Since the initial test showed significant time and cost savings, Heidelberg conducted a live test within a single sales region. eFax Corporate set up a toll-free number that served as the input portal for transmissions and a bank of direct in-dial (DID) phone lines that were dedicated to individual users. After two weeks, the company evaluated the pilot program with regional sales and department heads and received an overwhelmingly positive response. Using eFax Corporate, Heidelberg saved days on credit approvals, and cited as key benefits its ease of use, secure fax transmission procedures, and eFax Corporate’s ability to annotate documents electronically within the email application.
Final Implementation Results in Expanded eFax Use as Archive Method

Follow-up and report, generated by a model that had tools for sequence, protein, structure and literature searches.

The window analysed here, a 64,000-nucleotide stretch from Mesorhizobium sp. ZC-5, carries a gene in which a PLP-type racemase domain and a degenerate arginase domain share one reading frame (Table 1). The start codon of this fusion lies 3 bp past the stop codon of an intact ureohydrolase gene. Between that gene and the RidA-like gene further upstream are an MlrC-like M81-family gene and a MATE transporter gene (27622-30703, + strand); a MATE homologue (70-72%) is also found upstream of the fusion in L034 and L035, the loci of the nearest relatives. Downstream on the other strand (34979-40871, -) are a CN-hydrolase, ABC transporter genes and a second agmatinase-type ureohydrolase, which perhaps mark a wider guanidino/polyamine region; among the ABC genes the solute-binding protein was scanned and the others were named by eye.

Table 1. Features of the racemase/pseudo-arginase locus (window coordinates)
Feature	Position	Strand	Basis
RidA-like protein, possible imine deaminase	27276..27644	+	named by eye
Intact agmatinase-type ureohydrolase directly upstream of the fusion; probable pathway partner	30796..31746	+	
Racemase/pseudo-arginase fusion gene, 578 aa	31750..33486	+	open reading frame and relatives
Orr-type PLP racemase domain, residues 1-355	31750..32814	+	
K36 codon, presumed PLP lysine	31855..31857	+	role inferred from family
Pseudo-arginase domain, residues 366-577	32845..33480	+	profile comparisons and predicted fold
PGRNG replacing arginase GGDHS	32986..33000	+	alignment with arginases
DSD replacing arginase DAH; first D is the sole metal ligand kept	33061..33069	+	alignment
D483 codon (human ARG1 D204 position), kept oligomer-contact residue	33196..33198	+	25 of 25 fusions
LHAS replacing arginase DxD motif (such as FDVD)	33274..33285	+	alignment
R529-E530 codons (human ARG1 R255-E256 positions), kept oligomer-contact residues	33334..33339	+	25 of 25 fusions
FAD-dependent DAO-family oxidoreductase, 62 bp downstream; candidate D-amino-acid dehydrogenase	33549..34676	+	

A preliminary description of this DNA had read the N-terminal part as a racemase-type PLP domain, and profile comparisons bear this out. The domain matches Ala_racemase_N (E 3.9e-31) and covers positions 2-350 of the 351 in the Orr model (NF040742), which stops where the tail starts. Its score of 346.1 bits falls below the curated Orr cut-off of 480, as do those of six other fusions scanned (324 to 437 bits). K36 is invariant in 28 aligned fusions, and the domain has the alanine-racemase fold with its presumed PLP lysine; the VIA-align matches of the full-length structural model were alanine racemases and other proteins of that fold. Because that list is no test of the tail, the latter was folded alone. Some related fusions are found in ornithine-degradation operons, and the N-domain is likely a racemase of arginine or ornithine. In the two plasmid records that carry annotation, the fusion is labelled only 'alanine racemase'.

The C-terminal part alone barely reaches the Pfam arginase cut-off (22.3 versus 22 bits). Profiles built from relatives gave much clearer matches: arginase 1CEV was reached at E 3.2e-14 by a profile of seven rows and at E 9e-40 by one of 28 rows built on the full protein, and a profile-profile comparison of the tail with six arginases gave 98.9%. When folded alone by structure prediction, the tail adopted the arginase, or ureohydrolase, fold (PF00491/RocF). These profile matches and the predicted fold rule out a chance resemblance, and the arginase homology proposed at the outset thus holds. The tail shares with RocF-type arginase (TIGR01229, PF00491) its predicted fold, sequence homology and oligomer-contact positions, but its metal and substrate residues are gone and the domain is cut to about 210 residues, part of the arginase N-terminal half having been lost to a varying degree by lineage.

With the success of the live test, Heidelberg put eFax Corporate into full production across all ten U.S. sales regions. Voluminous paper copies of orders that previously were stored in scores of filing cabinets were replaced by electronic archives in a central database. As word of eFax Corporates’s success spread, other departments within Heidelberg implemented eFax’s paperless processing solution. The tax department now uses eFax to archive tax exemption certificates; the parts department uses eFax Corporate to transmit and store their proof of delivery tickets for customers; the service department uses eFax for its work order distribution and retrieval system; and the accounting department uses eFax as its major document retention system.
Throughout Heidelberg’s U.S. offices, eFax continues to save both time and money. Customer orders are processed in a matter of days rather than months and, because eFax Corporate is Web based, important information is stored and easily managed on computer. The company plans to implement eFax Corporate in all offices domestic and abroad. Most importantly, Heidelberg has eliminated the perception that it is too cumbersome to service quickly its customers’ needs.